Pelvic Organ Prolapse (cont.)
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Pelvic organ prolapse is usually caused by damage to the tissues (muscles, ligaments, and connective tissue) that support the pelvic organs. Damage or stretching of these tissues allows the organs to move out of their normal positions, causing them to press against (and sometimes move) the inside walls of the vagina.
Having a baby makes it more likely that you will have pelvic organ prolapse later. Vaginal childbirth has been strongly linked to weakened and stretched support structures in the pelvic area. This loss of support is the biggest cause of pelvic organ prolapse. Having a cesarean section, on the other hand, seems to be less strongly linked to pelvic organ prolapse.1 (But having a cesarean section may lead to other problems. For more information, see the topic Cesarean Section.)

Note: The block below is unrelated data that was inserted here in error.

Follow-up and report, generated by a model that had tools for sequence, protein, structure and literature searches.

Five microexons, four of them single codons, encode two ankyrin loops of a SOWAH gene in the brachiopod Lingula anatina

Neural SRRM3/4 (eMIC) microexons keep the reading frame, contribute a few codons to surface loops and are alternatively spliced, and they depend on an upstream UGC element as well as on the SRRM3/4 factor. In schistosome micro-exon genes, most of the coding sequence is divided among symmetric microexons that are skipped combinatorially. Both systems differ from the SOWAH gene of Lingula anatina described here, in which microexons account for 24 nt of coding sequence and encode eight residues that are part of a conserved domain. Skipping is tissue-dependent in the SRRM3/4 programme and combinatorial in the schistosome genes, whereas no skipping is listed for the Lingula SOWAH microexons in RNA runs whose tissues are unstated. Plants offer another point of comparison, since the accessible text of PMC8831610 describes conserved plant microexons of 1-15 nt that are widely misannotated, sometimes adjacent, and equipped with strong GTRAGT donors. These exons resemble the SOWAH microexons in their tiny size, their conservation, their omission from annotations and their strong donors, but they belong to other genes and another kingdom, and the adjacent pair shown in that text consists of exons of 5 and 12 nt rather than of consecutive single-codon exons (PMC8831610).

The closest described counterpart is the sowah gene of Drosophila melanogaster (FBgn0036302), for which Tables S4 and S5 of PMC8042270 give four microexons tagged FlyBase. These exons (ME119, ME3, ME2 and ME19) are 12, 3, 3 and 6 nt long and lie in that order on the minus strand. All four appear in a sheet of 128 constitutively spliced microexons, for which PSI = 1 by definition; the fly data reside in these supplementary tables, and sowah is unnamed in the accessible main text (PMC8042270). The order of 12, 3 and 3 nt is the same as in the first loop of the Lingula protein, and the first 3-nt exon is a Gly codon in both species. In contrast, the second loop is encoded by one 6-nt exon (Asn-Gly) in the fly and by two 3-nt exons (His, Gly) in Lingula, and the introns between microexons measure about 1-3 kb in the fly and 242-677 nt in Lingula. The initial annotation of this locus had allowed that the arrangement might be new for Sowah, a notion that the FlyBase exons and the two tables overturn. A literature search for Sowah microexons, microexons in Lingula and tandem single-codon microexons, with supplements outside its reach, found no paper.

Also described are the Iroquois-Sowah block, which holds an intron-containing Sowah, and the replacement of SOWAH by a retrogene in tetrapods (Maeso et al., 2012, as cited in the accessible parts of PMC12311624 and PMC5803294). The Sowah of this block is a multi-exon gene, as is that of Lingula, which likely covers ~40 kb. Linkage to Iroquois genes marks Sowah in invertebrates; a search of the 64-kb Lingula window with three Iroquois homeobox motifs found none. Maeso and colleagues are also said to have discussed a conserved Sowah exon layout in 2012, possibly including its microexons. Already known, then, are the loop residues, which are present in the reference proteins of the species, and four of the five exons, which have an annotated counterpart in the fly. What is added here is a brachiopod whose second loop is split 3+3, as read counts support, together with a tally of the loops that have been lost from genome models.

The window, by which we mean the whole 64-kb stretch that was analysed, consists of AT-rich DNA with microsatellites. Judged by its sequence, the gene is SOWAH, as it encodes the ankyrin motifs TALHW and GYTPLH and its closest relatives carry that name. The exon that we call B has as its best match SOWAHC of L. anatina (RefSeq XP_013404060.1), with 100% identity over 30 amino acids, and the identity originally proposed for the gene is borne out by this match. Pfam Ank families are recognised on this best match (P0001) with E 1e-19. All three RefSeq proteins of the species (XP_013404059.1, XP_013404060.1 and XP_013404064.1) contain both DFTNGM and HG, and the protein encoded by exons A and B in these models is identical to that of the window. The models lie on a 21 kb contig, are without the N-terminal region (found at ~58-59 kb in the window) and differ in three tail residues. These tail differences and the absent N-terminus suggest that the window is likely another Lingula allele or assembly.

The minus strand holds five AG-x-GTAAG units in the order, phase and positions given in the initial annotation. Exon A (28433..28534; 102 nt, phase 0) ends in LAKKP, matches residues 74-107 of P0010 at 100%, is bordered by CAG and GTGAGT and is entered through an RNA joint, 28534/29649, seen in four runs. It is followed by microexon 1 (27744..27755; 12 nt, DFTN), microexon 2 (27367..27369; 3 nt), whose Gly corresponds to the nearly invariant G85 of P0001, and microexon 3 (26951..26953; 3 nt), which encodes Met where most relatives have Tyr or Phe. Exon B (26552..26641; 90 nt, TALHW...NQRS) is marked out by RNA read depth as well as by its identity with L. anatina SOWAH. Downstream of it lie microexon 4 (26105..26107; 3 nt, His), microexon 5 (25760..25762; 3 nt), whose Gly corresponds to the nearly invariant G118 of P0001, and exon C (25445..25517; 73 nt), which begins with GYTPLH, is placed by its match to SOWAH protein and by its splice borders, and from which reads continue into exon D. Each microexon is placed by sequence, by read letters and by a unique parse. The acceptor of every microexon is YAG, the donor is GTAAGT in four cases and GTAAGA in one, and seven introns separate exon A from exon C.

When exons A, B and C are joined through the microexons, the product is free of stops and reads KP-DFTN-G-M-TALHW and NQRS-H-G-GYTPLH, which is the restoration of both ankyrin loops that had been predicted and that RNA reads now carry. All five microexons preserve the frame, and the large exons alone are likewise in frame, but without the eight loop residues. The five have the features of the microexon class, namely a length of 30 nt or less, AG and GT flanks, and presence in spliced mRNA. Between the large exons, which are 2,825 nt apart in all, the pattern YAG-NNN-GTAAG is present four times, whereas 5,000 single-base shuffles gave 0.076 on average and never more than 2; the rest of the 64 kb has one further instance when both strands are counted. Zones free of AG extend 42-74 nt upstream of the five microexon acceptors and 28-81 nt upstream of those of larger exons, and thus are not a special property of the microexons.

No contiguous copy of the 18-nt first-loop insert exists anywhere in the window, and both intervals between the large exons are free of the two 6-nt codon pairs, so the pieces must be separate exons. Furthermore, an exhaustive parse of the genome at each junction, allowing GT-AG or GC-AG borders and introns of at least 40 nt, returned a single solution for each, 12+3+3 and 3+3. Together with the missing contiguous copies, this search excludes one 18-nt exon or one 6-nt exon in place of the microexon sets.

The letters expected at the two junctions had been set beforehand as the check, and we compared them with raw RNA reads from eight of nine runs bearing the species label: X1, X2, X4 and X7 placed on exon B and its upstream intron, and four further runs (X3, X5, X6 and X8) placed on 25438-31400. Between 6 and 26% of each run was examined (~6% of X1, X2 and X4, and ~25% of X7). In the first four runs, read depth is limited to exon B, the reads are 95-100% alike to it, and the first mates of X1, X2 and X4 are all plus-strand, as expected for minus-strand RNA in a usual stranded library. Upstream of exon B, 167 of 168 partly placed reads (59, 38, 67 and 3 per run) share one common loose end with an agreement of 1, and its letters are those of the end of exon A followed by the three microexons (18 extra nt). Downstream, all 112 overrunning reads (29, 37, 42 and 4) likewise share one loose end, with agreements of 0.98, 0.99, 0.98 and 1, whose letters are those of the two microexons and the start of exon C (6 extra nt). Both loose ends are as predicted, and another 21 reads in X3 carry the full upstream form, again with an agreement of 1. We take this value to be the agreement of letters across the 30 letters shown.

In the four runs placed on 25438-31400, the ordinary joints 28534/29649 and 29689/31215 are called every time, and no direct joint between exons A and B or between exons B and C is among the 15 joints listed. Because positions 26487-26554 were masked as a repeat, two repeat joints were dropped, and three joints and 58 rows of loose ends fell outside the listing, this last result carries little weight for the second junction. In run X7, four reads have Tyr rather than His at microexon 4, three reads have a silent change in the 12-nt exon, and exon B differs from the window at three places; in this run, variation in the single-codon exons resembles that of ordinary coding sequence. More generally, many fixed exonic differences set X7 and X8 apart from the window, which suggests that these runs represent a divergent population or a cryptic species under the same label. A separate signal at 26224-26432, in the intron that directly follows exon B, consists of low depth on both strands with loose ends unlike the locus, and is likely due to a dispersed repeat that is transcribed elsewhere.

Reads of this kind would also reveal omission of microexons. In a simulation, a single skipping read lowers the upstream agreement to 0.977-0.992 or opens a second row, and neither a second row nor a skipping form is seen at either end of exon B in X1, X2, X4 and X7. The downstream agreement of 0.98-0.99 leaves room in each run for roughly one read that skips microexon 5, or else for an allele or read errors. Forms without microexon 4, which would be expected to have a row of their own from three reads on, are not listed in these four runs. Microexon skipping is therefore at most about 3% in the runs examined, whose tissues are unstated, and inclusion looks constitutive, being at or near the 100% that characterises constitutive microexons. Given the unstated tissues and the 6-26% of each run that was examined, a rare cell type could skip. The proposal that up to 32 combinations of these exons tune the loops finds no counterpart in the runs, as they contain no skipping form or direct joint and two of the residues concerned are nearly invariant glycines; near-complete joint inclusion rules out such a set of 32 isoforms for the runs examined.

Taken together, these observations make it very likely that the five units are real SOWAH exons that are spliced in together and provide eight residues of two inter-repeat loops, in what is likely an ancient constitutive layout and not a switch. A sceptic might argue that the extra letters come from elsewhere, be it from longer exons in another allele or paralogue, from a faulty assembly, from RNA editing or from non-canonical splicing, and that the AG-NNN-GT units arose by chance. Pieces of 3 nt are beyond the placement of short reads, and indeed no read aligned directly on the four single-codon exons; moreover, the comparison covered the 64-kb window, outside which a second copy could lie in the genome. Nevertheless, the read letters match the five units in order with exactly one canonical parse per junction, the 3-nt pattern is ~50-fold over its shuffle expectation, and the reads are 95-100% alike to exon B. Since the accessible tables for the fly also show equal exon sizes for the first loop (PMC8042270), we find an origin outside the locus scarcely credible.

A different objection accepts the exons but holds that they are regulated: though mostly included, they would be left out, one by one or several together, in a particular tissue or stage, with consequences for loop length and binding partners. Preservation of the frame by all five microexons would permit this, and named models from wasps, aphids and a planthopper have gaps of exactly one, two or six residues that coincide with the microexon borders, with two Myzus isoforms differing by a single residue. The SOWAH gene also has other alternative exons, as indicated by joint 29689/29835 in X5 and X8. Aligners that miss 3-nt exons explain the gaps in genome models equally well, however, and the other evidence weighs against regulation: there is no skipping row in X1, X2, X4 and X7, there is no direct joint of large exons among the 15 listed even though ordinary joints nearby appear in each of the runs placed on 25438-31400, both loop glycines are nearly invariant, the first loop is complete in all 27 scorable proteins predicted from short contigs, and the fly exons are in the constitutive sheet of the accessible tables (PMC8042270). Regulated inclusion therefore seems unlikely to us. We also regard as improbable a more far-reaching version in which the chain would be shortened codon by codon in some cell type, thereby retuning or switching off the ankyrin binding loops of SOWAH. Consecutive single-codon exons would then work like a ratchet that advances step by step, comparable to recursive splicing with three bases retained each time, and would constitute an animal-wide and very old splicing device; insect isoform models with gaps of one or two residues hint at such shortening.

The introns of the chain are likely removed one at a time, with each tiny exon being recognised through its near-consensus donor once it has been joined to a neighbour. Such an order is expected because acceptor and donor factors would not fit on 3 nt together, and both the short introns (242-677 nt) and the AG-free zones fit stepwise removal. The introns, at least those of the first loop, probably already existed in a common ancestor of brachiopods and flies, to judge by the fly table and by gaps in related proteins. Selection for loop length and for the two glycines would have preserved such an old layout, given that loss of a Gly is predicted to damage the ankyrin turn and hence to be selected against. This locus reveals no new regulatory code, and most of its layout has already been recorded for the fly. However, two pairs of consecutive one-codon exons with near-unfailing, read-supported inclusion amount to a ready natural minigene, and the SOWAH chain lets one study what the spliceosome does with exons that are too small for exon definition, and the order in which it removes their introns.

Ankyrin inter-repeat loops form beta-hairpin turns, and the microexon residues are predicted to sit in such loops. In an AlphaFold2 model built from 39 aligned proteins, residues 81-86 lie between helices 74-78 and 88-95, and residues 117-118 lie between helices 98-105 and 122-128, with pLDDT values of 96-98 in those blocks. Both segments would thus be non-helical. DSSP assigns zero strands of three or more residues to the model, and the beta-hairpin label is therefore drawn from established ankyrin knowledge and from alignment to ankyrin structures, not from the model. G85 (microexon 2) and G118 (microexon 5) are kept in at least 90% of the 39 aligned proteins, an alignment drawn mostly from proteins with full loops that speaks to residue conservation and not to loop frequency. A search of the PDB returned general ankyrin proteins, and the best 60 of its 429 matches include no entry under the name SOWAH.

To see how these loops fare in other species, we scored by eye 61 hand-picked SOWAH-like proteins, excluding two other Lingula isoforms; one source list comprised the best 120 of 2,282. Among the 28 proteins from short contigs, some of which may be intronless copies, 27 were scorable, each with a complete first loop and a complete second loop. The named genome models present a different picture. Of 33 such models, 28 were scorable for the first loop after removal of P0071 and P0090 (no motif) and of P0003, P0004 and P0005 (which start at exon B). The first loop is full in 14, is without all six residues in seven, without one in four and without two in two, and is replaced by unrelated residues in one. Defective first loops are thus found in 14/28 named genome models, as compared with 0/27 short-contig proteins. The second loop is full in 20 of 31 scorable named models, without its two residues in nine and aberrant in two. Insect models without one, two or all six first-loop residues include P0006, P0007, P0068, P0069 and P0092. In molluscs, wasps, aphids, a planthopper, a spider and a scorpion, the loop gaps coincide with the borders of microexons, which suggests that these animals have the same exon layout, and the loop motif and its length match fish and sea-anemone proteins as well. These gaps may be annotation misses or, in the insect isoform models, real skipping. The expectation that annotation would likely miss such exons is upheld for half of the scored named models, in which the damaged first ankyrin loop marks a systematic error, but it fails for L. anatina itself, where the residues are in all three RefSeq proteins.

Another cause of reduced support in the pelvis is lower levels of the hormone estrogen. Estrogen levels are lower during and after menopause. The lower levels of estrogen in the body mean less collagen, a protein that helps the pelvic connective tissues stretch and return to their normal positions.
Pelvic organ prolapse can also occur after surgical removal of the uterus (hysterectomy) for another health problem, such as endometriosis. Removal of the uterus can sometimes leave the other organs in the pelvic area with less support.
Other conditions that may cause pelvic organ prolapse include:
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